The Buyer’s recourse
It is very important for a Buyer to know what his rights are in such cases. By law he cannot do any of the following:
He cannot deduct the cost of repairs from the purchase price and tender a lesser amount or reduce his deposit;
A buyer cannot refuse to pay occupational rental unless the defective article seriously restricts occupation of the property;
He cannot repudiate or cancel the sale contract.
It is the Buyer who will be in breach of contract if he takes any of these actions. By law, his proper recourse is to institute an action for damages and sue the Seller. This will obviously not appeal to the Buyer. Therefore, the best way is to ask the conveyancer doing the transfer to settle the matter amicably with the Seller. Ideally, he should arrange a refund of the costs of repair to the Buyer on registration of transfer. It is in the best interests of both parties to agree to this.
Warranties and Misrepresentations
Many Buyers think that a deliberate non-disclosure of latent defects constitutes a fraudulent misrepresentation on the Seller’s part. They believe that they can cancel their contract. This illusion is quite common. The contract can be repudiated as the failure to disclose known latent defects without a voetstoots clause. Furthermore, this would constitute a deliberate contractual misrepresentation on the Seller’s part.
The inclusion of a voetstoots clause overrules any question of contractual misrepresentation by the Seller. The Buyer cannot cancel the sale on the grounds that the property is worth less than the price offered. He has purchased it as is, defects and all. Secondly, his rights are confined to an action for damages. The non-disclosure is only regarded as a delictual misrepresentation.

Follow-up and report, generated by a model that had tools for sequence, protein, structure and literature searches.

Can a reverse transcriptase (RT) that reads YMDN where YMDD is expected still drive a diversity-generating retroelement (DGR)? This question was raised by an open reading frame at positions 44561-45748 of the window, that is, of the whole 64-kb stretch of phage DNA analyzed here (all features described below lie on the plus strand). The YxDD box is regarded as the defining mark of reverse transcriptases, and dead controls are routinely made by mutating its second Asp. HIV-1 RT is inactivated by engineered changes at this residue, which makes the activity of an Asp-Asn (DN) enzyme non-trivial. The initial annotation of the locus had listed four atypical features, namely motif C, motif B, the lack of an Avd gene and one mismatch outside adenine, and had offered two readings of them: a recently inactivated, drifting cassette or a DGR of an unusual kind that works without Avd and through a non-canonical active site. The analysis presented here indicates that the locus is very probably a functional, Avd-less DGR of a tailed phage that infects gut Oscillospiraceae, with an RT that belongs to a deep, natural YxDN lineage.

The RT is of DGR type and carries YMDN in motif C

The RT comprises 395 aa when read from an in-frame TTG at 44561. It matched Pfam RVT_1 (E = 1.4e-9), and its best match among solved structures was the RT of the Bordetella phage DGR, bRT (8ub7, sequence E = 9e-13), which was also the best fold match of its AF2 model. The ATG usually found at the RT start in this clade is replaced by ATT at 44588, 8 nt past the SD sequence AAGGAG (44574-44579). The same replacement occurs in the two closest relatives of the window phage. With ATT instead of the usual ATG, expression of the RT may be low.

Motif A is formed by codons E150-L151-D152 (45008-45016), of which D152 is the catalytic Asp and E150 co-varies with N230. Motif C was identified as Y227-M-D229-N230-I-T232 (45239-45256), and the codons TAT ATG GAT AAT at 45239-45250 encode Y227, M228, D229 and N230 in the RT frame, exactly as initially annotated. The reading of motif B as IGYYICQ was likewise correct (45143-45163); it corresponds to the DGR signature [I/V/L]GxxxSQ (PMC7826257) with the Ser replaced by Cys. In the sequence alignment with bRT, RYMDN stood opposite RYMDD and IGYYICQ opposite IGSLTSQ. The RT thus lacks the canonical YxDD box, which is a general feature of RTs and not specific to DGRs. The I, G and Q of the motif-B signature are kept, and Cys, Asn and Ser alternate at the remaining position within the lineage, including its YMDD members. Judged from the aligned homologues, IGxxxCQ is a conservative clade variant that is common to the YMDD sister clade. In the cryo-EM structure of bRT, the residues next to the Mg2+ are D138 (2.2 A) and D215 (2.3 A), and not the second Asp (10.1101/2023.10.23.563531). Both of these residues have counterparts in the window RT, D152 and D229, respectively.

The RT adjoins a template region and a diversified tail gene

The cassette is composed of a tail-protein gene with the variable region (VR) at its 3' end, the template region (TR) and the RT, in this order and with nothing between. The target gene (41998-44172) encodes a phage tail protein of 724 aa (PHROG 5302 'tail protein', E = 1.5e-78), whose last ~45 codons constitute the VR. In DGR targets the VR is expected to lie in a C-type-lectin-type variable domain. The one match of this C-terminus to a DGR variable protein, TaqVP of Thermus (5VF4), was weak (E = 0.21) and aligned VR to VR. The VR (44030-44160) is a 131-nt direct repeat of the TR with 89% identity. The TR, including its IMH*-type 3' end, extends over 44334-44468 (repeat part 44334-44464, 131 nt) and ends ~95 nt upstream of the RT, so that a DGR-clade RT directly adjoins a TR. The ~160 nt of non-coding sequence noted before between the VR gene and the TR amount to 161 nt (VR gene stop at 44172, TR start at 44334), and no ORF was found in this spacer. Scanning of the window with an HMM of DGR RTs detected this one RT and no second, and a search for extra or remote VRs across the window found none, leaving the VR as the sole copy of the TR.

For instance, the Seller may guarantee the condition of an item or state that it is working properly. If false, the Buyer can refuse to take transfer until the defects are properly repaired at the Seller’s expense. Alternatively, the Buyer can sue for a reduction in the purchase price, an action known as actio quantum minoris.
Other issues affecting defects
There are two other important issues that often affect sales of immovable property.
Defects caused after a sale
Who is responsible for damage to a property before transfer but after a signed sale contract? For example, a negligent motorist might smash the front wall of the property or a geyser might suddenly burst, flooding the house and damaging its fitted carpets. Responsibility will lie as follows:
Firstly, on the Seller, if the contract makes him liable for the risk in the property until the registration of transfer;
On the Buyer, if the risk falls on him from date of sale or occupation. This occurs mostly in terms-sale contracts where the transfer is delayed for more than a year;
On the Buyer, if he causes the damage while in occupation. He will be liable if he uncovers a latent defect, such as breaking a rusted pipe under a sink when trying to fit his washing-machine connection to it.
Estate Agent’s Responsibility
Many Buyers want to hold their Estate Agents liable for latent defects. This is particularly the case when the Seller can no longer be traced. An Estate Agent only inspects the property for obvious patent defects. The agent must enquire from a Seller as to what known latent defects exist. Before the buyer signs the contract the agent should disclose the defects.
Once having done this the Buyer’s recourse is against the Seller alone.